You surely know what’s 18.104.22.168. You use it every day when browsing the Internet. Or, perhaps you know it under a different, and easier-to-remember name: Google.com!
The name of your favorite website is pretty much a translation of a complex string of numbers, namely an IP address. In 1983, computer scientist Paul Mockapetris figured out that it would be much easier for us to use names for websites instead of lists of IPs.
After all, it is the job of machines to communicate through bits and numbers, while we humans are much better with human language. Mockapetris came up with a method of allowing humans to ”exchange information” with machines, and thus DNS came to fruition.
DNS is short for Domain Name System. Its purpose is to map a domain to an IP address. And you will shortly see that there’s more to this than meets the eye because DNS and PTR (Pointer Record) are responsible for a better understanding of networks and of the Internet overall.
- What is a domain name?
- Domain name and URL – What’s the difference?
- Who manages domain names?
- What is DNS?
- How does DNS work?
- What is a DNS record?
- What is a PTR record in DNS?
- Why are PTR records useful?
What is a domain name?
Before we get to your topic, it’s important to give some context first. A domain name is an easy-to-remember address used to access websites. Popular examples include names like ”google.com” for Google or ”facebook.com” for Facebook.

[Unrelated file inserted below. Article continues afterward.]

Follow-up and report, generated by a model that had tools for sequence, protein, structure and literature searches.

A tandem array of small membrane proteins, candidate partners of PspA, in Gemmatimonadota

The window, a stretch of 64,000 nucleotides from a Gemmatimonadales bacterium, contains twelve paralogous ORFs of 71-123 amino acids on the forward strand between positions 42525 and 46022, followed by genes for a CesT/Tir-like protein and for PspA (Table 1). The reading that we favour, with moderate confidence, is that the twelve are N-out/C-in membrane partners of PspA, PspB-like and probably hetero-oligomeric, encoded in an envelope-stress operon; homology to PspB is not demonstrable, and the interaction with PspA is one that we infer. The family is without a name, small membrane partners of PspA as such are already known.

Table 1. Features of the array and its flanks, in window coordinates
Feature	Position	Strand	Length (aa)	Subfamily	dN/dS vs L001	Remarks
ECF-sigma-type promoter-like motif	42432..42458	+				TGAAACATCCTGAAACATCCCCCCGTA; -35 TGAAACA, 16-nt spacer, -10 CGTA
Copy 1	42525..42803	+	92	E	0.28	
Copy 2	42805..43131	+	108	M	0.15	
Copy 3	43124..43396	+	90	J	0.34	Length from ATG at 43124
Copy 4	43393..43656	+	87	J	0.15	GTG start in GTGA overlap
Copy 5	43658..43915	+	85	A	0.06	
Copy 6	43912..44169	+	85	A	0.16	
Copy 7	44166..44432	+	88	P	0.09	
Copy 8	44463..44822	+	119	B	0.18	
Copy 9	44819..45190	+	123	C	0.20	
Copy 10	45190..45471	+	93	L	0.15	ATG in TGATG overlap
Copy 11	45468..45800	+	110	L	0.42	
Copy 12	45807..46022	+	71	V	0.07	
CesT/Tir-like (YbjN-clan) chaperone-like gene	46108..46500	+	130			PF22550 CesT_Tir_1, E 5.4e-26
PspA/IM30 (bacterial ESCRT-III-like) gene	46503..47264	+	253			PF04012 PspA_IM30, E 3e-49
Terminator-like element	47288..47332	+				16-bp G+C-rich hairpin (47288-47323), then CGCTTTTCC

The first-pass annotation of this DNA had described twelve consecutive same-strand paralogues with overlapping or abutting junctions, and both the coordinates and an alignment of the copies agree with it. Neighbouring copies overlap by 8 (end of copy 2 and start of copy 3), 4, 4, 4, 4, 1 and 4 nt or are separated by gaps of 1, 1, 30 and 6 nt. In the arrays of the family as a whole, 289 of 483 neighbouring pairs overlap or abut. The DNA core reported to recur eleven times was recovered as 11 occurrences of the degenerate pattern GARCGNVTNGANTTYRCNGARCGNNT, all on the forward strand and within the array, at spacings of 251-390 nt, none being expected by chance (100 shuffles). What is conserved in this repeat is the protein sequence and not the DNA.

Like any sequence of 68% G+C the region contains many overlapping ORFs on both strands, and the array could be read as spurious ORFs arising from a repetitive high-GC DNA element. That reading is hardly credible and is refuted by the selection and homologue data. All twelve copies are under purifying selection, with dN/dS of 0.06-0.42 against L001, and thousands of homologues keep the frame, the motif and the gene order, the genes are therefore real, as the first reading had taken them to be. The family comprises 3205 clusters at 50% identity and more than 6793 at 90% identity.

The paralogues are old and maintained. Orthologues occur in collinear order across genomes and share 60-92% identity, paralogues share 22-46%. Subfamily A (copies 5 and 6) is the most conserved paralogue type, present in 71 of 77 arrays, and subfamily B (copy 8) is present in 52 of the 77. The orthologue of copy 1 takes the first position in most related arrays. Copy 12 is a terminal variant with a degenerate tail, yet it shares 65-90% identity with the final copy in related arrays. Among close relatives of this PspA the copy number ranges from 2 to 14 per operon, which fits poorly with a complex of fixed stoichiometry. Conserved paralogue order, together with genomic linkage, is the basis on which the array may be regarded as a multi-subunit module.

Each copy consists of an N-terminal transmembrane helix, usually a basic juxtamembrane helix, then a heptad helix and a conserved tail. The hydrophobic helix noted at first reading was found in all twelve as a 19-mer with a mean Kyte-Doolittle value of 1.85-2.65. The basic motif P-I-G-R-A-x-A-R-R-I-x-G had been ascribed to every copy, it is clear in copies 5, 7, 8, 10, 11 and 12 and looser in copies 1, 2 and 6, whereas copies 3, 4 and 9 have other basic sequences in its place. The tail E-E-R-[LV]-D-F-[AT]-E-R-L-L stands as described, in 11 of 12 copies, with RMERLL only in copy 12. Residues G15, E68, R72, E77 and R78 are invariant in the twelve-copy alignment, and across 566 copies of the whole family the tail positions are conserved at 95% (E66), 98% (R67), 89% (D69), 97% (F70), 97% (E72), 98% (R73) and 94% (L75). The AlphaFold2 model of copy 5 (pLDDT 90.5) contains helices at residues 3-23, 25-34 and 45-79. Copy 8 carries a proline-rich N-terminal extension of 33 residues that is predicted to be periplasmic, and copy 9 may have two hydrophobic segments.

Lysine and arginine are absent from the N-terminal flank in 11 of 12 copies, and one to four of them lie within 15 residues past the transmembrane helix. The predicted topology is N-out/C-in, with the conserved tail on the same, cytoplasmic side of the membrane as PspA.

A domain name is pretty much a translation of a unique IP address associated with a specific website. So, the domain name is what you type in the search field of a browser to reach your desired website.
Domain name and URL – What’s the difference?
A URL (uniform resource locator) is basically the web address of a particular website. An URL includes not only the domain name, but also other important elements, such as protocol and the path for a certain page of that website.
A basic breakdown of a URL looks something like this:
- ipway.com is the domain name;
- https is the protocol (Hyper-Text Transfer Protocol);
- /blog/ is the path to a specific page of the web, in this case, our blog.
Who manages domain names?
There are hundreds of millions of domains registered worldwide. But how are they registered and managed? This is the responsibility of ICANN (Internet Corporation for Assigned Names and Numbers ).
ICCAN allocates domains to registries, which then allow registrars to reserve domain names. The process itself is more complex and requires multiple parties to work together securely and efficiently.
What is DNS?
DNS is short for Domain Name System. It’s basically the Internet’s phonebook. We use domain names to access information in the online world. We do that by typing these names into our browsers. In turn, browsers interact through IP addresses. But in order for browsers to load the Internet resources, they need to communicate in a language all machines can understand, so an IP address.
DNS steps in here to translate the domain name of a website in a computer-friendly language, so into an IPv4 or IPv6 address. Surely, it is much easier for us to remember sites by names rather by IPv4 strings or, God forbid, alphanumeric IPv6 characters.
How does DNS work?
Connecting domain names with machine-readable IP addresses is done through something called DNS lookup. This process involves several steps, in which four DNS servers are employed.